“Dave has done enough in his life to warrant an ego, but he doesn’t have one at all,” says Malia Reeves, who has worked alongside Hahn at Taos for three years. “He takes his job seriously, but he doesn’t take himself seriously. Other patrollers joke about his celebrity,” she adds, “but he handles it in a funny, self-deprecating way.” As for expertise, “Dave is someone you want along on a difficult mission.”
When pressed, Hahn does admit that he has honed a few crucial guiding skills while working in dangerous, high-pressure situations. “I think it’s my empathy for what novices are going through in these environments,” he tells me. “I remember just what it was like coming new into these worlds of big mountains and skiing.”
Hahn’s own introduction to the mountains came through his father, Ronald Hahn, a former Yosemite rock climber from the Bay Area who started him out as a kid hiking in the Sierras. “I always remember crying,” Hahn laughs. “We’d go hiking, and he’d make me go uphill and then downhill. What a bastard!”
The father-son outings became more epic by the year — Hahn’s first two Denali trips were with his dad. As recently as 2011, Hahn returned to California with his then-78-year-old partner to thru-hike Tenaya Canyon, known as the Bermuda Triangle of Yosemite. He wrote about the experience in 2012 in an Outside magazine story aptly titled How I Nearly Killed my Father.

Hahn summiting Denali in Alaska, a feat he has accomplished 22 times. Photo by Ken Sauls, courtesy of Eddie Bauer.

Hahn’s love for New Mexico, however, came from his mother’s side of the family. They’d settled in Albuquerque in the 1930s. “Some of my earliest memories are these road trips to New Mexico,” Hahn tells me as we ride Lift 4 to the base of Kachina, a steep peak formerly accessible only by a 45-minute boot-packing slog. Last year, however, Taos’ new owner, Louis Bacon, built a chairlift up the side that reaches 12,481 feet, the highest elevation of any triple chair in North America.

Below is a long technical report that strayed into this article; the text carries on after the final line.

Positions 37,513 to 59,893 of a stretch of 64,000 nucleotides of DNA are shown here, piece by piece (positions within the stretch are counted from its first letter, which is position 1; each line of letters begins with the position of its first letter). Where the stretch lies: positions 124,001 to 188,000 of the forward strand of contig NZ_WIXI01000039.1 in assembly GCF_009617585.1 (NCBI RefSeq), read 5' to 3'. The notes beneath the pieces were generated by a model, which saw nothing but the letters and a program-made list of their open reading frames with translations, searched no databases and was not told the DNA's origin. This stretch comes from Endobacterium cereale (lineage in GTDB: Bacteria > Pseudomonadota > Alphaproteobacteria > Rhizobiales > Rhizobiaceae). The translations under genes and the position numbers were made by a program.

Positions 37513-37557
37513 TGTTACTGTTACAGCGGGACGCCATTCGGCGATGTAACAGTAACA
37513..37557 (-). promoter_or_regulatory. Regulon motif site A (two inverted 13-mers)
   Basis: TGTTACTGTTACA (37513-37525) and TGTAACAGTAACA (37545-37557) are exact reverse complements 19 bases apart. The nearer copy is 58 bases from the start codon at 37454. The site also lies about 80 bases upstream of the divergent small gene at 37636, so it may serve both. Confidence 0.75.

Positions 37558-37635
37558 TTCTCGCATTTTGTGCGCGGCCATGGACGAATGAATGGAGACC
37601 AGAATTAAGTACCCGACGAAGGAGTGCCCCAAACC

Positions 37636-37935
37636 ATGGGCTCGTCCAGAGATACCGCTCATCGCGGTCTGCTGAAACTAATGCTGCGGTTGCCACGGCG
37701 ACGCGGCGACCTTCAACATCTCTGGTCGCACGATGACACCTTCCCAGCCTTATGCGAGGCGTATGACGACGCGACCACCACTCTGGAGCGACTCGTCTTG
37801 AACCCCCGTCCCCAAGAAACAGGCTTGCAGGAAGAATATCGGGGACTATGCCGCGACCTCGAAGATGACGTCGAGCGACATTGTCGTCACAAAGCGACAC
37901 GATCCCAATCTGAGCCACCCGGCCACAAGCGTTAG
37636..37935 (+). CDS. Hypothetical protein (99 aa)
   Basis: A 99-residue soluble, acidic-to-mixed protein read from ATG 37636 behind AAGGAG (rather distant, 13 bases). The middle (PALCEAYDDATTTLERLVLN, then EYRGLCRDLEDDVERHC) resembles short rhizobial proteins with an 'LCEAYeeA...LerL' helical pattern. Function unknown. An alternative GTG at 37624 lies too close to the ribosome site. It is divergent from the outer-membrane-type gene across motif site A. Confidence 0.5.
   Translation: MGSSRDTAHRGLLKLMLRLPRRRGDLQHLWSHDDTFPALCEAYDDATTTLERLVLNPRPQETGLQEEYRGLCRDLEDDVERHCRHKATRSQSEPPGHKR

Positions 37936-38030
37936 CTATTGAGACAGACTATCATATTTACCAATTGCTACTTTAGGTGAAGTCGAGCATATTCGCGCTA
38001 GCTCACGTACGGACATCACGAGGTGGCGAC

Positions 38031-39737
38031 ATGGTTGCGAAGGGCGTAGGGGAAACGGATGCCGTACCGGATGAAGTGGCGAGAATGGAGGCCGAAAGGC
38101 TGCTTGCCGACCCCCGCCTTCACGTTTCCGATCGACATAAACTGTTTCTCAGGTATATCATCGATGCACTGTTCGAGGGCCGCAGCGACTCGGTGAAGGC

“Even from my earliest years, I remember being fascinated by this state. I was blown away by the mountains, the physical beauty of the area, and the long history of the Spanish and the Indians,” Hahn says. “When I got out of college I didn’t know what I wanted to do, but I knew I wanted to go to New Mexico.”
Hahn moved from upstate New York to Albuquerque, then quickly migrated north to teach skiing at Angel Fire Resort. But he spent all of his days off work skiing at Taos. In 1985 Ernie Blake hired him as a ski instructor. In 1991 Hahn earned a coveted spot on ski patrol. Three decades later he’s just another patroller, even if he does live in a renovated adobe house on the same road as Julia Roberts and Donald Rumsfeld.
“A continually cool thing about patrolling is that when I come across someone on the mountain who’s in trouble, they don’t care about my resume,” Hahn tells me before he skis off to deal with a distress call. “They are focused on whether I can help them then and there. That’s a good grounding for me.”